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Tuesday, August 7 • 12:00pm - 12:20pm
Disease 1 Track: Hunter Proximity To Chronic Wasting Disease: A Perceived Risk In Arkansas

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AUTHORS: Cory Gray, Jennifer R. Ballard – Arkansas Game and Fish Commission; Don White, Jr.*, University of Arkansas System Division of Agriculture, Arkansas Forest Resources Center, University of Arkansas; Christopher R. Middaugh, Arkansas Game and Fish Commission

ABSTRACT: In 2016, chronic wasting disease (CWD) was detected in both elk (Cervus canadensis) and white-tailed deer (Odocoileus virginianus) in 10 counties in northwestern Arkansas (Fig. 1). To evaluate the relationships between proximity to CWD and perceived risk, from 7 March to 8 May 2017, we conducted a statewide telephone survey of Arkansas resident licensed hunters. Up to 12 contact attempts were made to increase the likelihood of hunter participation. A total of 1302 interviews were conducted. The response rate was 82%. Nonresponse bias was not determined. We interviewed 459 hunters residing within a 10-county region where CWD had been detected (red zone), 414 hunters residing within a 13-county region immediately adjacent to the red zone (yellow zone), and 429 hunters located in other counties in Arkansas (green zone; Fig. 1). More than 80% of hunters in each zone indicated they hunted deer during the 2016 season. Of those who did not hunt deer in 2016, most indicated that they did not hunt for reasons unrelated to CWD. Only 8% of hunters indicated they had read, heard, or seen nothing at all about CWD. More hunters in the red zone had read, heard, or seen “a lot” about CWD compared to respondents in the other 2 zones. One of 4 hunters (25%) who hunted most often in a county located in the red zone were not aware that CWD had been detected in the county they hunted. Regardless of the zone they most often hunt, hunters shared the same levels of concern about CWD. Most (79%) hunters were very or somewhat concerned about CWD. Hunters in the red zone were not as concerned about consuming untested deer meat harvested in the red zone than hunters in the green zone (39% vs 24%, respectively). Most hunters (56%) strongly supported mandatory CWD testing for deer harvested within the red zone. A higher proportion of hunters supported mandatory testing if it was limited to opening weekend of the modern firearm deer hunting season. Fewer red zone hunters strongly supported mandatory CWD testing than green zone hunters (46% vs. 58%, respectively). Most hunters who initially opposed mandatory CWD testing indicated less of an opposition if it was limited to the opening weekend of the modern firearm deer hunting season. Most (83%) hunters indicated that they were very likely to hunt deer during the 2017 deer hunting season. Hunters indicated that detection of CWD will not affect their choice of hunting locations. Most (66%) hunters in the yellow and green zones indicated they will very likely continue hunting in the same county, even if CWD is eventually detected in that county. We plan to repeat our survey at 3-year intervals to track changes in hunter perceptions of CWD and the relationships between proximity to CWD and perceived risk.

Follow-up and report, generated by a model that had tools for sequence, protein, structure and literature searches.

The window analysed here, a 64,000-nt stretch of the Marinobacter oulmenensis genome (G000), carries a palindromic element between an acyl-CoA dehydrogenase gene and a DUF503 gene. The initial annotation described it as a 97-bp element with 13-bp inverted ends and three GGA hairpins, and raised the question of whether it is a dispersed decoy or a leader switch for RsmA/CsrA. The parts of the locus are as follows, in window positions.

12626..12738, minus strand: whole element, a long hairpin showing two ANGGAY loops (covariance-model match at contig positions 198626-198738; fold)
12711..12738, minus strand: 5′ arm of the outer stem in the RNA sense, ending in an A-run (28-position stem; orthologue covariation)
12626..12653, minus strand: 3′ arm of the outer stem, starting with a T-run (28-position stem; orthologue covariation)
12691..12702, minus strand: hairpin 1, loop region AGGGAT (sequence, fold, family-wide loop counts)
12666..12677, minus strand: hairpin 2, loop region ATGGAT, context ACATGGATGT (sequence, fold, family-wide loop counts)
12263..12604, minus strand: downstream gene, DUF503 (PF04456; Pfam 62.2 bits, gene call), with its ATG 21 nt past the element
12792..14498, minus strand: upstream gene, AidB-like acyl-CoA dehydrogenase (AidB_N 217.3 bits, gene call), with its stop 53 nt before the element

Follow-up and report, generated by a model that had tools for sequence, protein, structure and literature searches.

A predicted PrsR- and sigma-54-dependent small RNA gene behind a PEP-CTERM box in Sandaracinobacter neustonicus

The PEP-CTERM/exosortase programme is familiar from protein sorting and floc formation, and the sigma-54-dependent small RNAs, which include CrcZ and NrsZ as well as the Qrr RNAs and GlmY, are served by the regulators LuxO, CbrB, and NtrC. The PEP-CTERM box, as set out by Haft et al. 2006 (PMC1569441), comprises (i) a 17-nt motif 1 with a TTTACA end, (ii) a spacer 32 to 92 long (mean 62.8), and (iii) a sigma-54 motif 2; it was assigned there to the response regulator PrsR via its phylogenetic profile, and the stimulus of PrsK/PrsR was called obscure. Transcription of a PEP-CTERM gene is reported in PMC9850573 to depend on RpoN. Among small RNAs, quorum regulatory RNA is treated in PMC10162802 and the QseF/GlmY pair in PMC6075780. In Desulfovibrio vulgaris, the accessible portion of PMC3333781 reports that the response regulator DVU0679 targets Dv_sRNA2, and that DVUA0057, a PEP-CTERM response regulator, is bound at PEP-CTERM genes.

459094 pdf

Tuesday August 7, 2018 12:00pm - 12:20pm MDT
Assembly Hall C
  Disease 1
  • Slides Available Yes

Attendees (3)